Lemkau discussed this subject during a session at the Association of National Advertisers’ (ANA) 2017 Masters of Marketing Conference.
More specifically, she suggested that Amazon – which offers solutions including product and search ads, possesses swathes of shopper data, and has a burgeoning content business – is a growing force to be reckoned with.
Amazon is “the single most important consumer company in existence today, and they’re probably going to become the most important advertising company in existence today,” said Lemkau. (For more details, read WARC’s in-depth report: The keys to great marketing, according to JPMorgan Chase & Co.)
Drilling down into Amazon’s potential strengths as an advertising platform, she quoted some compelling statistics related to its scale and user behaviour.
“The public numbers show they have 300 million users. They’ve got 65 million [users] in their loyalty program. Eighty percent of their users say they buy products once a month. Fifty-five percent of all product searches, in fact, start on Amazon,” she said.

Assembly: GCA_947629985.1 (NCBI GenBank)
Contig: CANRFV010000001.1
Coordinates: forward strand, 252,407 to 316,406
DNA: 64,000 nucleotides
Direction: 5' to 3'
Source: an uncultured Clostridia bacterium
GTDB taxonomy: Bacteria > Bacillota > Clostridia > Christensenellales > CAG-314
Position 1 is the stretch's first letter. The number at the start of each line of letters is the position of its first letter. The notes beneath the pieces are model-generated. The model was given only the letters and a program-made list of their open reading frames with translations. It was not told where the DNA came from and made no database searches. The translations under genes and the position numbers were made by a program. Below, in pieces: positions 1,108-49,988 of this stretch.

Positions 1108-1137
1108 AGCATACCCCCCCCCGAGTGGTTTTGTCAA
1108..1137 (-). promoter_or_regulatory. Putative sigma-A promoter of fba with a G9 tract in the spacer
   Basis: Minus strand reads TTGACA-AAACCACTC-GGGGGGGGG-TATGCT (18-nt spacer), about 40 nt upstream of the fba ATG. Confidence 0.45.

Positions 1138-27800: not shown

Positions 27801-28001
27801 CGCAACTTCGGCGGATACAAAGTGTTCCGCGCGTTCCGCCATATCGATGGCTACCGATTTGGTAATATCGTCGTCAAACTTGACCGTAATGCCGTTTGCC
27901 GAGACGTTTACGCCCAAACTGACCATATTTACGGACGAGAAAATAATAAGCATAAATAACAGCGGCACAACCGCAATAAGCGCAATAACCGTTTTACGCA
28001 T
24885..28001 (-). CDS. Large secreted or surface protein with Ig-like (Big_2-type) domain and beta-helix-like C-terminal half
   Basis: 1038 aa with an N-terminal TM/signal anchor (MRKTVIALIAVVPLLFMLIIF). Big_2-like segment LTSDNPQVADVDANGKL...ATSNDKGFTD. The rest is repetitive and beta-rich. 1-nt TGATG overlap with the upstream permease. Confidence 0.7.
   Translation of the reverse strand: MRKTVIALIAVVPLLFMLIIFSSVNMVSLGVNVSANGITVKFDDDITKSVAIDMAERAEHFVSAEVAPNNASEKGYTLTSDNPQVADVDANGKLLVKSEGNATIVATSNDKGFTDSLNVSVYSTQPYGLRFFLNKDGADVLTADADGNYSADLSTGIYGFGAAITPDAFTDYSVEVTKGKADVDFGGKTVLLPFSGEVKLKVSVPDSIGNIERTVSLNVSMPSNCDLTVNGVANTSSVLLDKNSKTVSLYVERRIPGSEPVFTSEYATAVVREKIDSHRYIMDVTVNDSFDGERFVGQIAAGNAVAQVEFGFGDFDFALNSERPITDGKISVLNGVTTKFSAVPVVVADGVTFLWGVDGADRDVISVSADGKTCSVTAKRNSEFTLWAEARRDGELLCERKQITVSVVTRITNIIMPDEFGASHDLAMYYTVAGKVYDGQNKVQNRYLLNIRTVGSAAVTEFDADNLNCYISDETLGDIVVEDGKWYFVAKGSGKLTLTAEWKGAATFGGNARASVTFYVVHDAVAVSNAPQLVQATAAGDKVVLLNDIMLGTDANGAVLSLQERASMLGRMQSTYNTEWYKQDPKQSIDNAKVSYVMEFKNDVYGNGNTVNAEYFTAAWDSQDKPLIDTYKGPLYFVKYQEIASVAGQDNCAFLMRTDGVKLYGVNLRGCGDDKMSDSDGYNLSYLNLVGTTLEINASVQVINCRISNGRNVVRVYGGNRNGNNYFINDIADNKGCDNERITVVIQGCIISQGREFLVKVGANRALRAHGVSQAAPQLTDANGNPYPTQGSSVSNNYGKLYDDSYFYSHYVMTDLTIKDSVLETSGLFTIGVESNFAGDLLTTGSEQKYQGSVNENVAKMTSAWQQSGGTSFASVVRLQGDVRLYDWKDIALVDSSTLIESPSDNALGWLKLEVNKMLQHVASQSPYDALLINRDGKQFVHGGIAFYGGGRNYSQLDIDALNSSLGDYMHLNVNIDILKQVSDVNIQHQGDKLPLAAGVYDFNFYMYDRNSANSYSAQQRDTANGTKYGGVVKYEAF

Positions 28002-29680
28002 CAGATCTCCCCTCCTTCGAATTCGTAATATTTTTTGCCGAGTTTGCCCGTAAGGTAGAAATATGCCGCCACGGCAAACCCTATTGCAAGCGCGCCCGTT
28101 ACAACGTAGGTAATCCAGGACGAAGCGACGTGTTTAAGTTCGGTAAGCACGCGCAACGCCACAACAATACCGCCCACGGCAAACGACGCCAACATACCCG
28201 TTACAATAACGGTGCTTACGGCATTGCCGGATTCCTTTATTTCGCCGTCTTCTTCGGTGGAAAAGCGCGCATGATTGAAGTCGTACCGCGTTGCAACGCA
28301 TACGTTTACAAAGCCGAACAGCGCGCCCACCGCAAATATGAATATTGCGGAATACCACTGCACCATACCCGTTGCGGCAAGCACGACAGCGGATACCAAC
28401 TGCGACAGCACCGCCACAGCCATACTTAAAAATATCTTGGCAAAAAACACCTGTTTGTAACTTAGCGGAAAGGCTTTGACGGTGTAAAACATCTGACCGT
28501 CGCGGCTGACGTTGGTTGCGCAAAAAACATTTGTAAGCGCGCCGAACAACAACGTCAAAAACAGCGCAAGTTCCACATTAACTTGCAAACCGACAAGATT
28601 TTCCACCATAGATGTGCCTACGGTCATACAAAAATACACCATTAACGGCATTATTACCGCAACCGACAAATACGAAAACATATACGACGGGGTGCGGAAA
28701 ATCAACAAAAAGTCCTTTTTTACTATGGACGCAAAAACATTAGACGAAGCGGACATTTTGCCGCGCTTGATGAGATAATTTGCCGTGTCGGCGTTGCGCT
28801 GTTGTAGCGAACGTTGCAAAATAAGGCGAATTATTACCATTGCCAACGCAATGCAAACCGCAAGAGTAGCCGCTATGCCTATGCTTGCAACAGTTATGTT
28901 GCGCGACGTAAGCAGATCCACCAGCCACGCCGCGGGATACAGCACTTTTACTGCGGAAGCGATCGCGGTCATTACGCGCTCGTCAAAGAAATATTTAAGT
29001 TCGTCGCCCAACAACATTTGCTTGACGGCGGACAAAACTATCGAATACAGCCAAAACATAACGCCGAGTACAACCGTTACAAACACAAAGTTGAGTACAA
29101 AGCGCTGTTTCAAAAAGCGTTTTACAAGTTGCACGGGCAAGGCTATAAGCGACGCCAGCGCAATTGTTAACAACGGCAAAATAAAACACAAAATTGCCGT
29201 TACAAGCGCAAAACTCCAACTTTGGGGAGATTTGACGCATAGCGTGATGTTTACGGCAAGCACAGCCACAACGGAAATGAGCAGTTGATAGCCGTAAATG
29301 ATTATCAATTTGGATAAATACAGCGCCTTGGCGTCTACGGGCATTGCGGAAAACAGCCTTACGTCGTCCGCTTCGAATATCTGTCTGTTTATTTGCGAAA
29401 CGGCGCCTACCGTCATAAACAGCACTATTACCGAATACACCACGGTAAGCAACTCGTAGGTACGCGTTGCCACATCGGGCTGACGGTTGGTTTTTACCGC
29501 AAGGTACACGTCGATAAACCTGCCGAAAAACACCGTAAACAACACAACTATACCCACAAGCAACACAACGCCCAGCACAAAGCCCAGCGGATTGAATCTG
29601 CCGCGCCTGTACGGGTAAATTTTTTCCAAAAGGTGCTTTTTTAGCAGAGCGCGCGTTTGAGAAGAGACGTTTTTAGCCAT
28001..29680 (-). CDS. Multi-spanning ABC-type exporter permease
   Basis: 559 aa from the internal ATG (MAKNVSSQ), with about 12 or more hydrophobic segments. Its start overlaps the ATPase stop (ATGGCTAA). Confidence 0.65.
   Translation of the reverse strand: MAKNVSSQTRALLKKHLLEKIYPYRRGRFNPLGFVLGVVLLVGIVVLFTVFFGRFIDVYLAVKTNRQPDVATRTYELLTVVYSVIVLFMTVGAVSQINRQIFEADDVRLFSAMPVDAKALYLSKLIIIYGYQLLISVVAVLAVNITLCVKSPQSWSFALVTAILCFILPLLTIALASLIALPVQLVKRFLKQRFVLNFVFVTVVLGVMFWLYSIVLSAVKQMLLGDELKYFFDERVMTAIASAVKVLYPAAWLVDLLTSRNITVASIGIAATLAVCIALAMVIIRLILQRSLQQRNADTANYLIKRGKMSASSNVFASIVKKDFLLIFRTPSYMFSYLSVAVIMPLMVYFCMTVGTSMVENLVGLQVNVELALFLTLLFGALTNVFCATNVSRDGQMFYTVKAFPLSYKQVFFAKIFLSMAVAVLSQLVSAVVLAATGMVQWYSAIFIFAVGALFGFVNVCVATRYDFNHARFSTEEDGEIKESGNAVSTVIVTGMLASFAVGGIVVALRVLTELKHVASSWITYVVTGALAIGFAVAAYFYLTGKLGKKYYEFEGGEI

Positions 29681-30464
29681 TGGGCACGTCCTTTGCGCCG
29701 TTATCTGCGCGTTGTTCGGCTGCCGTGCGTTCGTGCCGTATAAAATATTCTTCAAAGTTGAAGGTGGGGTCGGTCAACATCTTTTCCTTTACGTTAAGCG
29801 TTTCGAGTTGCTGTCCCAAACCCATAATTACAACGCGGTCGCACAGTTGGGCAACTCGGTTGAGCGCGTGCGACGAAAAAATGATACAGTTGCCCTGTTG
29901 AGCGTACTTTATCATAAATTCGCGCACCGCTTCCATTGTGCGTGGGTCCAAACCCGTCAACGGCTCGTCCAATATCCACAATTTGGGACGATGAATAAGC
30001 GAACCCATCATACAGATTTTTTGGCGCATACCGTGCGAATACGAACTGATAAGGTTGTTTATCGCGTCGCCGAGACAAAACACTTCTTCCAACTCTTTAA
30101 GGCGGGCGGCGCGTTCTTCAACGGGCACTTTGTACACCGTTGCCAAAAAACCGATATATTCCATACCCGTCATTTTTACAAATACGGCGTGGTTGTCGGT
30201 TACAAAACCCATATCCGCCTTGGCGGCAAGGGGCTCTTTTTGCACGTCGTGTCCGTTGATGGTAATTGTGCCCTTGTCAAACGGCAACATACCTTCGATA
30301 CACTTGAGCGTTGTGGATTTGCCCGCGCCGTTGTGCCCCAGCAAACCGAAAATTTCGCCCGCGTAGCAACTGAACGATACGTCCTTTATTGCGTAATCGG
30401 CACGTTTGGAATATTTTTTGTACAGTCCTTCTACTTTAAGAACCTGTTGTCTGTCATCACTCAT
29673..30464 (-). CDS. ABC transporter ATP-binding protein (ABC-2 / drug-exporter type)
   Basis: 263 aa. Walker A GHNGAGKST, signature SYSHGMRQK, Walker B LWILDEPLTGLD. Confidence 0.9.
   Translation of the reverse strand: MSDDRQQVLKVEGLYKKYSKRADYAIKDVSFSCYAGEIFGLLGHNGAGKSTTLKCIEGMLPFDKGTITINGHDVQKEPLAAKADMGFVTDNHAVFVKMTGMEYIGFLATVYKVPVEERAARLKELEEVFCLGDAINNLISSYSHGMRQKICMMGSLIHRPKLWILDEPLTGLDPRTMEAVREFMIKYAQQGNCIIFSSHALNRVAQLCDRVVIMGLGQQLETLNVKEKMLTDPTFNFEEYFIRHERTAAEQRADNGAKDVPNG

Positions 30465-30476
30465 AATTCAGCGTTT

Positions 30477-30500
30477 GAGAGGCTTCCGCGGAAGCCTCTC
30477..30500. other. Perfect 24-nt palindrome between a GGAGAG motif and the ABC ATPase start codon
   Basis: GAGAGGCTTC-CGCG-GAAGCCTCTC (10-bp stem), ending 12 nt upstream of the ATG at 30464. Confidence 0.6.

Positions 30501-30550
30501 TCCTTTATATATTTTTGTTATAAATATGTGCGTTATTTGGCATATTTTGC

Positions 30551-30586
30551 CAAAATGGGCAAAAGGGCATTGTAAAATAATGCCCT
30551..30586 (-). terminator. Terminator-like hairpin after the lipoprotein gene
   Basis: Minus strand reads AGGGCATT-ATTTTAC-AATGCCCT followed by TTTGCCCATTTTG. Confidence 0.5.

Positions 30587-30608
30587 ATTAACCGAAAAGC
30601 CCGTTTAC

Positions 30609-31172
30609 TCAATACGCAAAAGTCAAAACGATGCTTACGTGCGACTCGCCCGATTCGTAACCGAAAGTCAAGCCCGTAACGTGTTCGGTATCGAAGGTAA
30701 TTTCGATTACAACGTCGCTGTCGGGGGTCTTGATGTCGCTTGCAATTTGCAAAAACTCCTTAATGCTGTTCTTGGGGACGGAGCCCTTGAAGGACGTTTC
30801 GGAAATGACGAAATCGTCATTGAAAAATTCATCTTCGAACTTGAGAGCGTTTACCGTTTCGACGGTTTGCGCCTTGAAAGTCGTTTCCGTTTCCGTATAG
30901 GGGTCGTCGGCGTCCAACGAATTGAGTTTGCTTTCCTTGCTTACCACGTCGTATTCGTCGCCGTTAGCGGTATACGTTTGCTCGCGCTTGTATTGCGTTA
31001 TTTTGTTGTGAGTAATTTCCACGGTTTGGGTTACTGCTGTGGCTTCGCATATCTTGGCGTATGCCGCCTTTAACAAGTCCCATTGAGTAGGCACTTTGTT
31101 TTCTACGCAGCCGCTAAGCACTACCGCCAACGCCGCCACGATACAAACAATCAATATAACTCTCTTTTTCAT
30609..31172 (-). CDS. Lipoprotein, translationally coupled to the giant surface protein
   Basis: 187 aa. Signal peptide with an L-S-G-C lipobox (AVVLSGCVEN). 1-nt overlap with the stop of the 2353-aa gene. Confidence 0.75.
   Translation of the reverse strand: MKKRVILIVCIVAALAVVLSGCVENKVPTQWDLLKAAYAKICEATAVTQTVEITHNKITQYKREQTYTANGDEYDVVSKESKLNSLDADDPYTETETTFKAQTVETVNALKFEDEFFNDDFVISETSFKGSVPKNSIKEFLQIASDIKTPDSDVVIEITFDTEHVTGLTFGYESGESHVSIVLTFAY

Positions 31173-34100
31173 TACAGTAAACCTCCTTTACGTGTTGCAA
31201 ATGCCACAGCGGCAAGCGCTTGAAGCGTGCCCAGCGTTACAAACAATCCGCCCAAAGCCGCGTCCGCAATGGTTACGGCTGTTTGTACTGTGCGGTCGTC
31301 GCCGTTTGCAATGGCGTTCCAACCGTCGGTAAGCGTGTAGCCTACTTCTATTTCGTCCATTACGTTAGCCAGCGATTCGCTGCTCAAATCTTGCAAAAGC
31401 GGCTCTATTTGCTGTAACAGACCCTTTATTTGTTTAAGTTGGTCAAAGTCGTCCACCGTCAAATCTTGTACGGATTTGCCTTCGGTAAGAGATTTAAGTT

“They sold 47,000 TVs in a single day on Prime Day and they’ve got 45,000 robots in their warehouses. So what are they? They’ve got three Oscars, and two Emmys. They have the NFL. That’s who they are.”
Estimates from Barclays, the financial-services provider, valued Amazon’s ad business at approximately $1.4bn last year. Research firm eMarketer believes this total will hit $2.4bn in 2019, making it the third-ranked digital advertising firm.
And Lemkau also reaffirmed the importance of the current “Big Two” advertising properties – namely, Google and Facebook – during her presentation at the ANA conference.
Elaborating on this theme, she reported that a key advantage of these properties involves the fact the ads they host are “based on the concept of permission”.
Said Lemkau: “If you’re searching for something, you’re going to be much more open to an ad. You’ve already expressed that you’re in a consideration set. If you’re stopping to watch something on your feed, you actually want to see it.”
Data sourced from WARC